In common with other Airbus aircraft, the A380 is being manufactured at different sites across Europe, each responsible for producing a complete section, although due to their size the new airline parts will be delivered by surface transportation for structural assembly in Toulouse, rather than air-lifted. Electroimpact is working in close collaboration with Airbus in the UK on the A380 wing manufacture and is the main contractor for two major projects. For stage 0 wing panel assembly, it is supplying four 165 m long automated lines for building the upper and lower panels, while on stage 1 it is building the three wing jigs, which accept the panels from stage 0, together with the spars and ribs. On completion, the wings are removed by overhead crane, painted and fitted with electro- hydraulic systems and loaded onto a barge on the nearby River Dee, for shipping to Airbus in France.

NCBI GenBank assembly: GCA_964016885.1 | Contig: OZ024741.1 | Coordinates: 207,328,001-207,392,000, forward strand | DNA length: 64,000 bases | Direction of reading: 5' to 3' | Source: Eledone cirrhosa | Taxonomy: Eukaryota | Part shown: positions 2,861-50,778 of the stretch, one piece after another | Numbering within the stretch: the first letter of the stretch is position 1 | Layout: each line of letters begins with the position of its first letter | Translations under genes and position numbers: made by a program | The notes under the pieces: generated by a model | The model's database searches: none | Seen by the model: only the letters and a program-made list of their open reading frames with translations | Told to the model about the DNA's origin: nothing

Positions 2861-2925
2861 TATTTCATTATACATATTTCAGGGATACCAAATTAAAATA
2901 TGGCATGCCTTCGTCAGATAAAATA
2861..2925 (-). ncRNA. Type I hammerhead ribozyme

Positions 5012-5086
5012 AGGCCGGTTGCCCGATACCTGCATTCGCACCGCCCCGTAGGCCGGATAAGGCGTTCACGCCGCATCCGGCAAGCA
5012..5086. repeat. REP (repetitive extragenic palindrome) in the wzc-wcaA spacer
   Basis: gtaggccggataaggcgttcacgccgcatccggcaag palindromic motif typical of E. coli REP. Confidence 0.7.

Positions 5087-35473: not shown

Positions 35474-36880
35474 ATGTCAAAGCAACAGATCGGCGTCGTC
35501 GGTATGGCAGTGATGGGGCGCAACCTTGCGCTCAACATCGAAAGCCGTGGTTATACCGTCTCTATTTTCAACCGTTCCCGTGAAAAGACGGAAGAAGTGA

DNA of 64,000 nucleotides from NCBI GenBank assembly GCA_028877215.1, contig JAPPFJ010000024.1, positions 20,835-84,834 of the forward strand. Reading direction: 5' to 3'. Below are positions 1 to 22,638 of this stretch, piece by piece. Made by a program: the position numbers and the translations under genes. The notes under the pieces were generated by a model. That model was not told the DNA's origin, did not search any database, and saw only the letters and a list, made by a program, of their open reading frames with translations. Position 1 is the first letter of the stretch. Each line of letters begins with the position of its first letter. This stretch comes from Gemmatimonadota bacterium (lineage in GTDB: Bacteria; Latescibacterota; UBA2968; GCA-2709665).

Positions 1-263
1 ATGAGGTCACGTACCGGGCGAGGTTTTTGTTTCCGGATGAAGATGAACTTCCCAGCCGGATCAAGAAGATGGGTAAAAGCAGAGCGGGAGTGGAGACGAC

Rexroth has designed and is in the process of installing the purpose-built hydraulic cylinders, valve control packs and zinc-plated pipework mains, which operate the 170 flip floors on each jig, in addition to the centralised pump units that serve this and other functions. These retractable floors are attached along the full length of each stage (Plate 3), allowing work on various parts of the wing; each has two pivot points and is pushed through 90° by Rexroth hydraulic cylinders, which retract when the floor is in the “down” position and are extended for the “up” mode that also serves as a safety barrier. The cylinders are regulated by a total of 288 single and double flip floor valve panels, each of which houses one or a pair of Rexroth 4WE6 double solenoid, directional control valves and counterbalance/ speed control modules, mounted on a manifold block and connected to the hydraulic ring main.